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I am trying to prove the following statement:

Let $l \subseteq E \subseteq L$ and $l \subseteq F \subseteq L$ be a towers of field extensions, and suppose $E/l$ is a separable extension. $EF/F$ is necessarily separable.

For the sake of completion, I am posting a slightly expanded version of Georeges' solution suggestion:

Note that $EF$ is generated over $F$ by $\alpha \in E$. By hypothesis, $\alpha \in E$ is separable over $k$, and therefore $\alpha$ is separable over $F$ since $m_{\alpha,F}(X)$ divides $m_{\alpha,k}(X)$ and $m_{\alpha,k}$ has no repeated roots. Since $EF/F$ is generated by separable elements, it must be a separable extension.

EDIT: Thanks to a comment by Chris Eagle, the attempt below has no reason to be a workable strategy, since if it were $F/l$ would be separable, which it does not have to be.

Note that we have the following tower of extensions:

$$ l \subseteq E \subseteq EF $$

Thus, if we can show $EF/l$ is separable, $EF/F$ is necessarily a separable extension. Assuming $\alpha \in EF$ is not separable over $l$, we can deduce that the minimal polynomial of $\alpha$ over $l$, $m(x)$, is not separable, hence has repeated roots. We can then conclude that $m(x)=g(x^p)$ for some separable, irreducible polynomial $g(x) \in l(x)$. This leads to the conclusion that $\alpha^p$ is separable over $l$, despite $\alpha$ being inseparable. From here, I am unsure how to derive a contradiction. Maybe it just hasn't hit me yet. Can anyone see a way to continue, or is this attempt doomed to failure?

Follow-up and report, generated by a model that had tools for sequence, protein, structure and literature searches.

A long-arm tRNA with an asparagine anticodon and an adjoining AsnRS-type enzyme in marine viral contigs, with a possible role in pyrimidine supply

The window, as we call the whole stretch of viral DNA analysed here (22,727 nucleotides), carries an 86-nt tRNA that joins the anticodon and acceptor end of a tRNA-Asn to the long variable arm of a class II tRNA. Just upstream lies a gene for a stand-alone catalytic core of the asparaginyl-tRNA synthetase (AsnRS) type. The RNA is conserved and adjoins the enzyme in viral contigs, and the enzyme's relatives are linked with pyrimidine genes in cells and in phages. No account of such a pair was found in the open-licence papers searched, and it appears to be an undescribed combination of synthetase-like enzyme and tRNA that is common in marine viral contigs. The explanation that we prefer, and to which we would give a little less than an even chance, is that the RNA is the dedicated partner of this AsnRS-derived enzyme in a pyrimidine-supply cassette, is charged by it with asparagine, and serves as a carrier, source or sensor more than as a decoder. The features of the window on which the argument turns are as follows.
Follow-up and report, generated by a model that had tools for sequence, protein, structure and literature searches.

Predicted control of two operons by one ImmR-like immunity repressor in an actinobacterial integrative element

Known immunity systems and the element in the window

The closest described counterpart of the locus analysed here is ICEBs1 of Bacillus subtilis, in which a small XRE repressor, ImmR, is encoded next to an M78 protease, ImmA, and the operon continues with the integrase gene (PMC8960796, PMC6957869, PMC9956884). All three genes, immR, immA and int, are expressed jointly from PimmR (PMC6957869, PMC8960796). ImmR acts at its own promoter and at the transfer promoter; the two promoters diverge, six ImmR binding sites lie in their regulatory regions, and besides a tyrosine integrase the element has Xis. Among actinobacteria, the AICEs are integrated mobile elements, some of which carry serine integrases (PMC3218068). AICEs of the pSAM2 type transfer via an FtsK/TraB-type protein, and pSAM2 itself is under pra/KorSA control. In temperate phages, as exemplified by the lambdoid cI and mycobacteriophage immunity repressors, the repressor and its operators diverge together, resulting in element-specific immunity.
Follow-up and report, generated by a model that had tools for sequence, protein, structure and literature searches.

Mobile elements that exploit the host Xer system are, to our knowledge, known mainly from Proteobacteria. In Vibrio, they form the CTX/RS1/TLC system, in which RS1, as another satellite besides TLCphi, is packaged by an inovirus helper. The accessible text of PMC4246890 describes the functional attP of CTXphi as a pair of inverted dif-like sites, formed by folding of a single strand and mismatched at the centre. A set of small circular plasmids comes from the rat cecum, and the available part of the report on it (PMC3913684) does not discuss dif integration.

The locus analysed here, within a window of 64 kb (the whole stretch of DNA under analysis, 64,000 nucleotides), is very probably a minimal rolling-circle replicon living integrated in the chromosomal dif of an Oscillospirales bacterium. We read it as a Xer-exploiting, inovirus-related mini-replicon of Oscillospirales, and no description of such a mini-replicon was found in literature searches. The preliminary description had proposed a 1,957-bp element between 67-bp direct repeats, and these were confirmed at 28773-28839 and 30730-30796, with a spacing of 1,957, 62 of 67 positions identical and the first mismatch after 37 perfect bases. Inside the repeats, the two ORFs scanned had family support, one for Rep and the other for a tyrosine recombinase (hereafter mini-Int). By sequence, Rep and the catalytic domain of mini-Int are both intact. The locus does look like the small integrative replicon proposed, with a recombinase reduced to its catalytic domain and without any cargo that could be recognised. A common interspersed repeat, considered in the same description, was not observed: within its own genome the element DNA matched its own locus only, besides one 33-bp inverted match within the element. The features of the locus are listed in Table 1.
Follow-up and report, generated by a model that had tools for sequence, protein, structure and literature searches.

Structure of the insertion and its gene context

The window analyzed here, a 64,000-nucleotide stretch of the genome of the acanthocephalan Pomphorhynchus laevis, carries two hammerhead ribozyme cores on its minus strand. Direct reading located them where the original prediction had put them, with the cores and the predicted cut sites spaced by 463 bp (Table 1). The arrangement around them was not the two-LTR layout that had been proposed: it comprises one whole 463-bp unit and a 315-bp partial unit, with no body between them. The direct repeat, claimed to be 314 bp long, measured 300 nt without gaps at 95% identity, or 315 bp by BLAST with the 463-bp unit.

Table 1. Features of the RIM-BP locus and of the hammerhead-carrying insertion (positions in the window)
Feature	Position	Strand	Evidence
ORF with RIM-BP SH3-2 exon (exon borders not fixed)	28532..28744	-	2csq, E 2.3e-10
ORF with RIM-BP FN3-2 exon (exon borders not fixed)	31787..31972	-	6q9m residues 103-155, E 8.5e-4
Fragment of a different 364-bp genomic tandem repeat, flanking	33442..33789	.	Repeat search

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Why do you think $EF/l$ will be separable? Were this true, then $F/l$ would be separable, and it's pretty obvious that the condition that $E/l$ is separable isn't going to guarantee that. –  Chris Eagle May 21 '12 at 11:49
    
@ChrisEagle Thank you for pointing that out, that saved me a lot of wasted time. I guess, then, I have made no progress on the problem. –  Holdsworth88 May 21 '12 at 11:58
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2 Answers 2

up vote 6 down vote accepted

The field $EF$ is generated over $F$ by the elements $a\in E $ i.e. $ EF=F(E)$

Since each $a\in E$ is separable over $l$ it is a fortiori separable over $F$:
Indeed the minimal polynomial $Irr(a,F)$ of $a$ over $F$ divides $Irr(a, l)$, the minimal polynomial of $a$ over $l$ , and so has simple roots too.

Since an extension generated by separable elements is separable (Lang, Algebra, Ch.V, Thm. 4.4), we conclude that $EF/F$ is separable .

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Thank you for your help. Sometimes these things are just staring you in the face. –  Holdsworth88 May 21 '12 at 12:29
    
Don't be too harsh on yourself, Holdersworth88: things are easy when taken in the proper order, but I too often find myself puzzled by results which, when explained later by someone else, look painfully evident. –  Georges Elencwajg May 21 '12 at 12:34
    
Dear Georges, I was looking at Thm 4.4 in Lang, doesn't it require that the extension be algebraic as well before you can apply the theorem? –  Hana Bailey Mar 3 at 20:08
    
Dear @Hana, in the present context, where elements have minimal polynomials, $E$ is algebraic over $l$ and thus $F(E)$ is separable over $F$. –  Georges Elencwajg Mar 3 at 21:10
    
Sorry for my confusion, but do we know $EF/F$ is algebraic beforehand? It is certainly generated over $F$ by separable elements, but don't you need to have that $EF/F$ is algebraic, not just $E/l$ is algebraic? –  Hana Bailey Mar 3 at 21:26
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It seems like something's missing here, or the claim is plainly false: taking $\,E=l\,$, we get that $\,l\subset F\Longrightarrow EF=lF=F\,$, it would follow that any extension's separable...!

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Taking $E=l$, the claim is that $F/F$ is separable, which it plainly is. –  Chris Eagle May 21 '12 at 12:08
    
Of course. For some reason I was sure it was written in the OP that "... $\,EF/l\,$ is separable", which is exactly what you mention in your first comment above...Either the OP was edited or I misread. –  DonAntonio May 21 '12 at 12:15
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